A Michigan State University study tells what the average bankrupt is like. He’s a man, 30 years old, who got as far as the tenth grade and has a blue-collar factory job that pays him $4,650 a year. He has a wife and three children. And he owes 14 creditors a grand total of $3,180, not counting the mortgage on his home.

The deeper in debt he gets, the more frenziedly he spends. (One man bought four sets of encyclopedias on time.)

Finally, under the crush of bills, duns, threats of seizure and garnishment, he turns to the courts for relief. This costs an additional $250 or so.

But should he have gone to the courts? According to the study, three-quarters of these bankrupts could have paid off their debts within three years. Admittedly, it would have taken self-discipline and a certain amount of luck for many of them. But the other quarter could have pulled themselves out of the hole while still living “comfortably.”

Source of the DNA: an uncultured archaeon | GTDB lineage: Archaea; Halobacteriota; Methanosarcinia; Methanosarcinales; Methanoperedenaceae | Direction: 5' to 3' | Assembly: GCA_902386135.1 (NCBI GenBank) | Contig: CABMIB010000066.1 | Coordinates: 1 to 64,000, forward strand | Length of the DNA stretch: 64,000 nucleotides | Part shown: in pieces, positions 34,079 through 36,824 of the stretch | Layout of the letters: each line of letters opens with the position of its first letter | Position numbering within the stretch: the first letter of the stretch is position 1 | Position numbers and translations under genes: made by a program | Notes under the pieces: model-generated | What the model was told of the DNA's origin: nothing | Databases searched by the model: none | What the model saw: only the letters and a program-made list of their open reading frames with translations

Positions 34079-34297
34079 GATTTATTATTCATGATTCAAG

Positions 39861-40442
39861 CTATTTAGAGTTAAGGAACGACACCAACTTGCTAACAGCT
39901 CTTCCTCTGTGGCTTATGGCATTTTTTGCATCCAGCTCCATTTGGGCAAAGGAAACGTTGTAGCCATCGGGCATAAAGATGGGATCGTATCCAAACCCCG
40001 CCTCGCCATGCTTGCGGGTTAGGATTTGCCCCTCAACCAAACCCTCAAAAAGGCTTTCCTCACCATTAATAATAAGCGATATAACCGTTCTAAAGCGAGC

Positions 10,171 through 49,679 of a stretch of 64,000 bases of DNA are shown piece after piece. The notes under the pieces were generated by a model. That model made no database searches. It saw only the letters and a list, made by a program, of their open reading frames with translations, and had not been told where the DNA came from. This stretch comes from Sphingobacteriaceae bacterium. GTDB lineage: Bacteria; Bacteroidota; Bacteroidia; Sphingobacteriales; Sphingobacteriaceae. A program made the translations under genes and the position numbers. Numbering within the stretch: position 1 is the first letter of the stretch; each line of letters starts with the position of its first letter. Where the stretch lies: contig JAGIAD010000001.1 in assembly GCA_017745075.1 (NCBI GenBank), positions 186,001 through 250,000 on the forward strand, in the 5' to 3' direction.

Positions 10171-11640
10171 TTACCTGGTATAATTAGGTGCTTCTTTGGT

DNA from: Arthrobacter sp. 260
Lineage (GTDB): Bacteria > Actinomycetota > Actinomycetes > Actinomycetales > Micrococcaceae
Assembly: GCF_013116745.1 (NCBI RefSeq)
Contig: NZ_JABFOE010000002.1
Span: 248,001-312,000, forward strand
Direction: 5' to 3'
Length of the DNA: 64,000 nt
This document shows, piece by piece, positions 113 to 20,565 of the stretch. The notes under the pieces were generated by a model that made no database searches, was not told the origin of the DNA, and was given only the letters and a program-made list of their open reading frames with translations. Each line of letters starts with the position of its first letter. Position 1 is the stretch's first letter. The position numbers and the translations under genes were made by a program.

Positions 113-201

And contrary to what you might think, some merchants and money lenders willingly give a bankrupt additional credit, simply because he can’t go into bankruptcy again for six years. A University of Utah study reports “some lending companies actively solicit bankrupts to be their customers.”

There’s no question that when a person chooses bankruptcy everybody loses. The bankrupt loses because bankruptcy doesn’t teach him how to handle money and credit; nine times out of ten he’ll be back in debt before many months. His creditor loses money and goods and so must charge more to his solvent customers. So they lose, too.

To stop the round of losses–and perhaps, as its critics allege, to forestall possible government regulation– the credit industry is setting up and bankrolling its rescue service, a chain of locally controlled counseling agencies for people who are having trouble keeping afloat financially.